The Growth of English Popularity in Georgia: A University Perspective

Posted on April 13, 2012 by


Last month an interesting announcement was made in Georgia regarding English language education: almost 75% of students opted to take the university entrance foreign language exam in English, a marked increase over previous years. As a TLG teacher placed at a university, there is definitely a different attitude about English between even university freshmen and upper class students.

I work at Shota Rustaveli – Batumi State University (BSU) in the Tourism Faculty. In the United States I had spent several years in the tourism management field, consequently, I work specifically with tourism majors to help improve their English language abilities while discussing tourism as it relates to them and Georgia. Moreover, I arrived in Georgia in July 2010 as a part of Group #1. Needless to say now almost two years after I arrived in Tbilisi on a hot and humid, blindingly sunny afternoon, I’ve seen a lot of changes regarding both TLG as a program and attitudes towards English.

At BSU, I work with two groups of students: a group of freshmen and a group of juniors. The freshmen have English 7 hours a week, while the juniors have English 11 hours a week, though I am only with them for 5 hours a week of conversation practice and tourism discussion. Take a guess as to which class is better? If you said the freshmen, you are correct. Even the students who struggle in that class are still better than the best students in the junior class.

Not until I read this article did I really ponder why such a difference would exist between students just 2 years apart. Several reasons come to mind which might help to explain the disparity.

  • TLG in Schools: Despite being in 12th grade when TLG began, these students saw first-hand the value that the government is placing on English education. Moreover, many of my freshmen students didn’t even have TLG teachers at their schools, but still recognize the importance of the program.
  • Motivation: Students who entered university as freshmen in 2011 must now pass an English language proficiency exam to graduate university, a large motivator for sure. Moreover, personal motivation is also important.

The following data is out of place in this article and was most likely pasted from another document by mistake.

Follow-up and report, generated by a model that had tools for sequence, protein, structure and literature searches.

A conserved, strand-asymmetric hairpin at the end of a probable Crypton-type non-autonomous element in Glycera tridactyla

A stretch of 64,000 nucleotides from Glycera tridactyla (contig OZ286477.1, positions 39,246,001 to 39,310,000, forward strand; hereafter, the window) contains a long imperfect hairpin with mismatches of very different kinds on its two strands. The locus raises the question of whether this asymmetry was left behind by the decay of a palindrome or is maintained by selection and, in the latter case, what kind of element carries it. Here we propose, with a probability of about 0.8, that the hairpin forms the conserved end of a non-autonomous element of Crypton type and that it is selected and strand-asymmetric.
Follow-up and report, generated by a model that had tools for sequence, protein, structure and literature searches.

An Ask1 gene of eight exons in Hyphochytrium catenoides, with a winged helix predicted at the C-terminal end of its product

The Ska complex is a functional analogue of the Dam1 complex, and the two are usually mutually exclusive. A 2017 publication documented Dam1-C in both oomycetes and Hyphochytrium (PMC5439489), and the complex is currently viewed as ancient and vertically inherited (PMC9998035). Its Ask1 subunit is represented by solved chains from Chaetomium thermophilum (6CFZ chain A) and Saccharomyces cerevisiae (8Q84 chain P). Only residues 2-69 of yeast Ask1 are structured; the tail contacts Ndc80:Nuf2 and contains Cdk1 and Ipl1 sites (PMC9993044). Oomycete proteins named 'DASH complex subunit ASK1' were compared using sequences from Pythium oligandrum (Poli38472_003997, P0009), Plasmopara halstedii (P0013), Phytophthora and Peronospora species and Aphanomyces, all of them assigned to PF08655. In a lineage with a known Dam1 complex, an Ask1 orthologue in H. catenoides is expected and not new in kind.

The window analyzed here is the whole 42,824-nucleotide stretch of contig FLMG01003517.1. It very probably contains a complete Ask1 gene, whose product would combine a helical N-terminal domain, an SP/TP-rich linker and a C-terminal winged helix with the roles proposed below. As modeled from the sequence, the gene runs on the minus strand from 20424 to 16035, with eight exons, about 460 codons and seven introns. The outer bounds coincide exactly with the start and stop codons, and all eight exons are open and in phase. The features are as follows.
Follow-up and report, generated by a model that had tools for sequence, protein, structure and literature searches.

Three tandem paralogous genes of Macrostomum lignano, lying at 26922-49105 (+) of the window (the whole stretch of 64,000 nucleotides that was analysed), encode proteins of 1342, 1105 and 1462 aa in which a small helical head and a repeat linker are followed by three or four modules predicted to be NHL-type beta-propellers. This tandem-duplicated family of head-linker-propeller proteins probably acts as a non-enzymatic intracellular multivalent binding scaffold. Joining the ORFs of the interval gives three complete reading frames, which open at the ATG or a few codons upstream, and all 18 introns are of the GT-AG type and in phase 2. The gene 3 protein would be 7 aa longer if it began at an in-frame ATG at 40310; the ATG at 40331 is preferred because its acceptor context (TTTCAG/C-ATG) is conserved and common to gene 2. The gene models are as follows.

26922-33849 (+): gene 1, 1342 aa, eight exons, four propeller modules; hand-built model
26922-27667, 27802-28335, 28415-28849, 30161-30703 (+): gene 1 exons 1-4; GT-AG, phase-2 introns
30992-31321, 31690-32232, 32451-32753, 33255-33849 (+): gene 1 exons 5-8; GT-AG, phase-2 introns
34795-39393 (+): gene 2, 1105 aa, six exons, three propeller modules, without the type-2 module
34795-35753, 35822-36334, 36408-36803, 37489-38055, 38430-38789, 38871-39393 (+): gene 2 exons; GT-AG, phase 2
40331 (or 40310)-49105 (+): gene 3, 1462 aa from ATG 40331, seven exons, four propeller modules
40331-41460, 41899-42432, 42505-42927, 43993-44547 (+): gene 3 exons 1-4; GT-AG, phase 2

• Career Opportunities: Batumi, Ajara, and all of Georgia are banking on the tourism sector to become a major part of the economy, and development has occurred at a rapid pace. Consequently, employees possessing foreign language skills (especially Russian, English, and Turkish) are vital for the success of such an endeavor. The freshmen students readily acknowledge that fluency in English is vital for their future careers. I’ve attempted to discuss this topic with the junior class; however, such discussion is often met with a shocking amount of silence. They seem to understand the need, but really don’t want to admit it.
  • Responsibility: Lastly, personal responsibility is a crucial element. The freshmen students recognize that they must do a large amount of the work for language education. Their time with me is limited each week, and they are responsible enough to do their work. The juniors seem to want to learn English with minimal effort on their part. Perhaps this is the true reason for the disparity which exists. They grew up without the promotion of English education, and never felt it necessary for their success.

Ultimately, many differences exist with students just two years apart at university with regards to their views on English. As TLG continues its work, it will be interesting to see what will happen in two more years. While past performance can never truly be indicative of future results, it’s likely that English will continue to grow in popularity and respect, allowing Georgian students and the country itself to be more competitive in the global realm.